“The first thing the team and I wanted to accomplish was to create a space that could’ve been part of Tiffany history,” Krakoff told the Times. “To take this neoclassical interior, bright and light and simple, and juxtapose that with surprise, modernity and the unexpected. One of the fundamental goals of this floor is to bring the magic and extraordinary creativity of the Tiffany window into the store itself. Think of the windows of Gene Moore in the ’60s that juxtaposed a toy steam shovel with a pile of sand and an extraordinary diamond in a Tiffany setting. I wanted to be sure to capture that spirit of an offhanded luxury.”
— Tiffany & Co. (@TiffanyAndCo) October 26, 2017
Tiffany’s signature robin’s egg blue is a registered trademark and appears throughout the collection space along with the iconic line of charms, each numbered so if lost, traceable back to the owner.
Considering the needs of well-heeled pet owners, Krakoff said that “We took (our) tag and attached it to bridle leather” for a dog leash. “It’s all made in Italy. It’s utilitarian but authentic.”
Tiffany’s cheapest bone china dog bowl reads “dog,” $125 for a small version and $175 for a large one. Displayed is a sterling silver option that Joan Rivers had engraved for her dog, Spike—$1,800 for a small version, $2,500 for a large.
Moschino is selling a dress made of a plastic dry cleaning bag for $735 https://t.co/TqlLbW92xk
— TIME (@TIME) November 8, 2017
Tiffany is joined in the emperor’s new clothes department by Moschino’s dry cleaning bag dress (and hanger ‘hat’) featured in its latest runway show. Priced at $735, it’s a part of creative director/provocateur Jeremy Scott’s F/W’17 collection with a focus on trash.
Unlike Tiffany’s everyday objects made with luxe materials, this is actually made from transparent polyester in a nod to traditional dry cleaning bags, screen-printed with “Free pickup and delivery” and a white paper insert stating, “We [heart] our customers.”
Of course, Scott is known for its fashion hijinks, and it’s expected he try to shock and provoke—qualities not usually attributed to Krakoff, the former Coach hand who’s shaking things up at Tiffany & Co.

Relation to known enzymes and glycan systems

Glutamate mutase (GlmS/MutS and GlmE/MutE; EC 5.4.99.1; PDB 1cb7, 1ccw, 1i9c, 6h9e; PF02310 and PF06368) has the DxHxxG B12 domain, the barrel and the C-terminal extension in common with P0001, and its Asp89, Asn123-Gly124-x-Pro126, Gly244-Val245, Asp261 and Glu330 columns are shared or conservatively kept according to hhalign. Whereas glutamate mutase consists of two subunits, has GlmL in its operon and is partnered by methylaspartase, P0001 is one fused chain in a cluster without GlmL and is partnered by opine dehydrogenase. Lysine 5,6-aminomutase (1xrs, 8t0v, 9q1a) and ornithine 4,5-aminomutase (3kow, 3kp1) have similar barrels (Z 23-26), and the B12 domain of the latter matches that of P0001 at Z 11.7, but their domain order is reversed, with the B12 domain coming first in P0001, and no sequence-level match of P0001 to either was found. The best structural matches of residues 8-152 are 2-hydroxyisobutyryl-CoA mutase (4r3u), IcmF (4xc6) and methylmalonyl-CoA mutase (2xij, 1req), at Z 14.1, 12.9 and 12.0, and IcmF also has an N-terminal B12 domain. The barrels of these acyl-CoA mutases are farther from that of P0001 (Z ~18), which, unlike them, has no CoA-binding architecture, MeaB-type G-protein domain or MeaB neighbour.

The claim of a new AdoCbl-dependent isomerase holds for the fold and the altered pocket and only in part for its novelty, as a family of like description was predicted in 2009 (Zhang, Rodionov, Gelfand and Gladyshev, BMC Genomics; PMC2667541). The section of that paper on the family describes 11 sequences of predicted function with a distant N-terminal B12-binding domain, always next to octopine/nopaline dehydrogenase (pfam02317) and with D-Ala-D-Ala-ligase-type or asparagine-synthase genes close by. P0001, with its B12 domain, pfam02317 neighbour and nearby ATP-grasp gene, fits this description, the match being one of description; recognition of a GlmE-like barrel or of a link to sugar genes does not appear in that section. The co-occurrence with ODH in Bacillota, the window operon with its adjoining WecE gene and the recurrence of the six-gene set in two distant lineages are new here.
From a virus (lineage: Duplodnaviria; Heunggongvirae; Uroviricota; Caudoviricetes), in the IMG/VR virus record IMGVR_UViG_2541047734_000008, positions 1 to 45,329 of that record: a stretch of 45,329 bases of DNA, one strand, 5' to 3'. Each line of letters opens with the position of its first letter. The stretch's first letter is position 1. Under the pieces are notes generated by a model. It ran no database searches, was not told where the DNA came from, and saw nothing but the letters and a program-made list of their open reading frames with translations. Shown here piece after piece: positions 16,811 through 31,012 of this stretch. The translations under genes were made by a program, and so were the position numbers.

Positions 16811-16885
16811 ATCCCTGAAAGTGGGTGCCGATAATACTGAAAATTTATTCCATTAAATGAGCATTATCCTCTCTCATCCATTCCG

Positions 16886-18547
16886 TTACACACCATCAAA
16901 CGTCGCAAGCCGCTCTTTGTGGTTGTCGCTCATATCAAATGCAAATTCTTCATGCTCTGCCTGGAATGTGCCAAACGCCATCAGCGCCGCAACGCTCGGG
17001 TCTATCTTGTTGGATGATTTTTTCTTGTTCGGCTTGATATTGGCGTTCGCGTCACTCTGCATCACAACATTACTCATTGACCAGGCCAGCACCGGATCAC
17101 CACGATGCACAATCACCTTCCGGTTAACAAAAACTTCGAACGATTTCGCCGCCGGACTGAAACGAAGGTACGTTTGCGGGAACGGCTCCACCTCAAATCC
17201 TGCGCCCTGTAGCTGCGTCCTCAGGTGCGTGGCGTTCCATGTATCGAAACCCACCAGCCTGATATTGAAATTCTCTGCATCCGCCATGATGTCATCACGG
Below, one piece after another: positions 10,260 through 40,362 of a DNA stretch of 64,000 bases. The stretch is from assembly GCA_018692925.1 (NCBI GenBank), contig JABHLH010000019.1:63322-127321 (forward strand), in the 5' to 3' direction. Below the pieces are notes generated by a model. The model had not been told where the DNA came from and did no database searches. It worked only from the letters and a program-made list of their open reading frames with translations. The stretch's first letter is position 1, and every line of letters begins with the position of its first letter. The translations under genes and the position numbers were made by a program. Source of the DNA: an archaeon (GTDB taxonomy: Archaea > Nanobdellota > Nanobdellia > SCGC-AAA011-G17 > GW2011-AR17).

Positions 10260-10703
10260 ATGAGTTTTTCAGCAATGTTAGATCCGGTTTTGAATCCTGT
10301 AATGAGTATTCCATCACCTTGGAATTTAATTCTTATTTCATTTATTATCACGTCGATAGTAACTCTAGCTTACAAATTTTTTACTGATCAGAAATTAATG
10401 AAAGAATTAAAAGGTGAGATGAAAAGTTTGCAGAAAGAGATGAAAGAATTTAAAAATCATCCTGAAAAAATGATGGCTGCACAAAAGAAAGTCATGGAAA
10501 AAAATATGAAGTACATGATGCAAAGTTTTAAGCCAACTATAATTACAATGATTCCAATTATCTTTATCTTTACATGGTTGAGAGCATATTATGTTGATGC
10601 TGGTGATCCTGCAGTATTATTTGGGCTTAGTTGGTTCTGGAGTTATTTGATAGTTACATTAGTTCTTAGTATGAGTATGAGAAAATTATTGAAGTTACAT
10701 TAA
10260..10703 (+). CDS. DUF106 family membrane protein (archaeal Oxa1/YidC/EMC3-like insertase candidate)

Scott’s luxe dry cleaning bag is available to purchase online from Browns, which describes the “cape sheer overlay dress” with a straight face.
Although it’s often advocated that one should not judge a book by its cover, we’re all guilty of doing so. And lucky for you, wearing Jeremy Scott’s fun and quirky designs for Moschino is a type of book cover we approve of – and the blurb? That you’re the amusing one at the party, of course.
This clear Moschino dry cleaning cape overlay dress is the only kind of laundry you’d be willing to do (for your trusty au pair takes care of that kind of stuff). This dress showcases the brand’s economical Fall/17 runway theme and features a slip-on sleeveless design made from a see-through polyester re-used ‘plastic bag’ that is printed with ‘Free pickup and delivery’ text in red and ‘We *heart* our customers’ across the top. We’ll be wearing our Moschino with Proenza Schouler, Off-White and Isabel Marant.
*Please note that the slip is not included.
In typical Scott style, he ended the runway show by sending Gigi Hadid down the runway as a giant bouquet of flowers.
As the doyenne of elegance, Coco Chanel said, “Fashion is not something that exists in dresses only. Fashion is in the sky, in the street. Fashion has to do with ideas, the way we live, what is happening.” And sometimes, it seems, a winking nod to how much a brand can get away with in a brazen act that challenges the status quo—and common sense.